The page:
Click on the session time to view or collapse descriptions. 

Wednesday, August 28


“Whenever I Go Somewhere, I Have to Take My Daughters with Me”—An Enquiry into the Progress and Strategies Used for L2 Literacy Acquisition by Former Refugee Adults in New Zealand
(Research / Demonstration)
This study investigated progress in second language learning between two groups of former refugee adults (0-2 years and 8+ years) in New Zealand with limited L1 literacy. It revealed that those with more prior education progressed slightly faster. Learning strategies used were a blend of traditional approaches and modern technologies.
Presented by: Jenny Field, Waikato Institute of Technology, New Zealand
Room: Butler

Autonomous Learning and Technology with Adult Refugee-Background Students
(Practice / Demonstration / Paper Presentation)
Incorporating digital literacy in the adult refugee-background classroom creates a rich environment enabling learners to benefit from a multi-faceted approach to language learning which includes blended learning and mobile technology, This encourages flexibility, autonomy, and collaboration.
Presented by: Janet Liscio, MA TESOL, U.S. Committee for Refugees and Immigrants, Vermont
Room: Cambria

Community-based Bhutanese Adult Refugee English Literacy Learning: Needs and Strategies
(Research / Demonstration)
This ethnographic study explores the English literacy learning of Bhutanese adult refugees with limited first language literacy and education. The findings present this group of adult refugees distinctive needs, challenges, and teaching strategies.
Presented by: Dr. Xia Chao, Faculty of Education Duquesne University, Pittsburgh, PA
Room: Somerset

LINC Works—Literacy Learner Employment Project and Materials
(Practice / Demonstration)
LINC Works is a project embedding workplace skills into ESL classes to allow for language and skill development for the increased successful integration of literacy learners into the workforce, as well as building skills needed to maintain jobs. Materials will be presented during the session.
Presented by: Kim Chaba-Armstrong, Instructor, NorQuest College and Debbie Severinsen, Instructor, NorQuest College
Room: Butler

Exploring Culture Dialogically in the LESLLA Classroom
(Research / Demonstration)
This presentation explores strategies for teaching and dialoguing about culture in LESLLA classrooms in ways that are not prescriptive or condescending. The presentation will include example activities and learner perceptions, as well as strategies for exploring culture with LESLLA learners.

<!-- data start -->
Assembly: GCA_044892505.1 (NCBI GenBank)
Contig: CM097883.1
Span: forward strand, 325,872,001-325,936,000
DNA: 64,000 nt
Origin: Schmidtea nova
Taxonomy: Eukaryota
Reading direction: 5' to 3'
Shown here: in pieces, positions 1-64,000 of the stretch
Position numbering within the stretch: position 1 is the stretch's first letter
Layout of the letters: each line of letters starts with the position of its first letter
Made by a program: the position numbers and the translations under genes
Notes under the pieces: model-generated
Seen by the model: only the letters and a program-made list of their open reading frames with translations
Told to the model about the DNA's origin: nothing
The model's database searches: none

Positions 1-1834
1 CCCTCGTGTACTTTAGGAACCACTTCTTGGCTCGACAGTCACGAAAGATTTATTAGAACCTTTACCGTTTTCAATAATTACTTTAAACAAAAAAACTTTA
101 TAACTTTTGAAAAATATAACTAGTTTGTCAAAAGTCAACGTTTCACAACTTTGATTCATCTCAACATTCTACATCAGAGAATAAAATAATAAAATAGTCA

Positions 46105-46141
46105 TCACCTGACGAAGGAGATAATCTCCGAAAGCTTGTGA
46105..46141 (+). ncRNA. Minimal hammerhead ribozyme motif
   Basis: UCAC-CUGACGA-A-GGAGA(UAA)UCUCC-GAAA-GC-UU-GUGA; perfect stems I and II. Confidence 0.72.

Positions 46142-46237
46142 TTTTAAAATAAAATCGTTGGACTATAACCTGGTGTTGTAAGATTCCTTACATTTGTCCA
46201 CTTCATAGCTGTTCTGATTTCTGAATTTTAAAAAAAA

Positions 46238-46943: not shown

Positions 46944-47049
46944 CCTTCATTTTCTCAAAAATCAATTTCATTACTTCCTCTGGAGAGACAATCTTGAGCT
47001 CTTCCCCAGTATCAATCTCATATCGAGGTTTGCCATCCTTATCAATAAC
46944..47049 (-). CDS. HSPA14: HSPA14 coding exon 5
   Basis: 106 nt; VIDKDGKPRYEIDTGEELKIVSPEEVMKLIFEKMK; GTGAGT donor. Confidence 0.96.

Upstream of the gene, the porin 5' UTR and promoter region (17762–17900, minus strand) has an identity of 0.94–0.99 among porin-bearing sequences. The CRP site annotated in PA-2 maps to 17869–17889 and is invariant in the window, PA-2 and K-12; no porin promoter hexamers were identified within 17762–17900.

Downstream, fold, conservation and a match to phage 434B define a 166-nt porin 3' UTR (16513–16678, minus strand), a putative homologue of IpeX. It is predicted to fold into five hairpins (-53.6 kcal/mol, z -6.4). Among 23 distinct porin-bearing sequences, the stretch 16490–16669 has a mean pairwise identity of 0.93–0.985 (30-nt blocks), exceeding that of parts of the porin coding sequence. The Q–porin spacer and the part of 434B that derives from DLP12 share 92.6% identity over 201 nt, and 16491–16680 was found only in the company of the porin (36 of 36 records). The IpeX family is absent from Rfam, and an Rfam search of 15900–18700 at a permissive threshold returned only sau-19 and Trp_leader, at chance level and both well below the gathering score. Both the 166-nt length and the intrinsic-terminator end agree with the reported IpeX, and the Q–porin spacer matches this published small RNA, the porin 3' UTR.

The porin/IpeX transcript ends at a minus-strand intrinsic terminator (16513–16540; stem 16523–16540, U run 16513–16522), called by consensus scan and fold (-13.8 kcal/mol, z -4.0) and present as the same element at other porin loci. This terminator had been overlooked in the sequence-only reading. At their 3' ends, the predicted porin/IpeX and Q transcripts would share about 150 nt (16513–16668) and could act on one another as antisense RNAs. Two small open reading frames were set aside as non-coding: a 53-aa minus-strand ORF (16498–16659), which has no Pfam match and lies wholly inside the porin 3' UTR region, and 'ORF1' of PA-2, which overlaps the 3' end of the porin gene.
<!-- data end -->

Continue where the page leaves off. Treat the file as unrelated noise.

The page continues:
Presented by: Amanda Shufflebarger Snell, Doctoral Candidate, University of Arizona
Room: Cambria

Artists in Collaboration: Language Learning, Creative Practice, and Community Building
(Practice / Panel Discussion)
The Pittsburgh Office of Public Art organized a residency in the Public Realm matching four artists with four organizations that support immigrants and refugees. Participating artists and organizations will reflect on their experiences and takeaways for other adult language learning contexts.
Presented by: Mary Tremonte, Artist in Residence–Literacy Pittsburgh / Office of Public Art
Room: Somerset

Literacy and Social Semiotics: Meaning-Making in Local Classroom Language and Literacy Assessments
(Research / Demonstration)
This research explores how LESLLA learners make meaning from multimodal assessment texts used in a local English as a Second Language and English literacy program for refugee-background adults. The study investigates meaning-making from a social semiotic and multimodal design perspective.
Presented by: Jenna A. Altherr Flores, Ph.D. Candidate, University of Arizona
Room: Westmoreland

Meet Literacy Pittsburgh students while making conference tote bags on site at Literacy Pittsburgh’s Downtown Learning Center. Enjoy light refreshments and talk to students about their experiences in class and living in Pittsburgh. Share your own experiences in a relaxed classroom environment while helping our students practice English listening and speaking skills in an authentic context. A sign-up sheet will be at the registration desk.
Supporting Students with Interrupted Formal Education
(Practice / Workshop)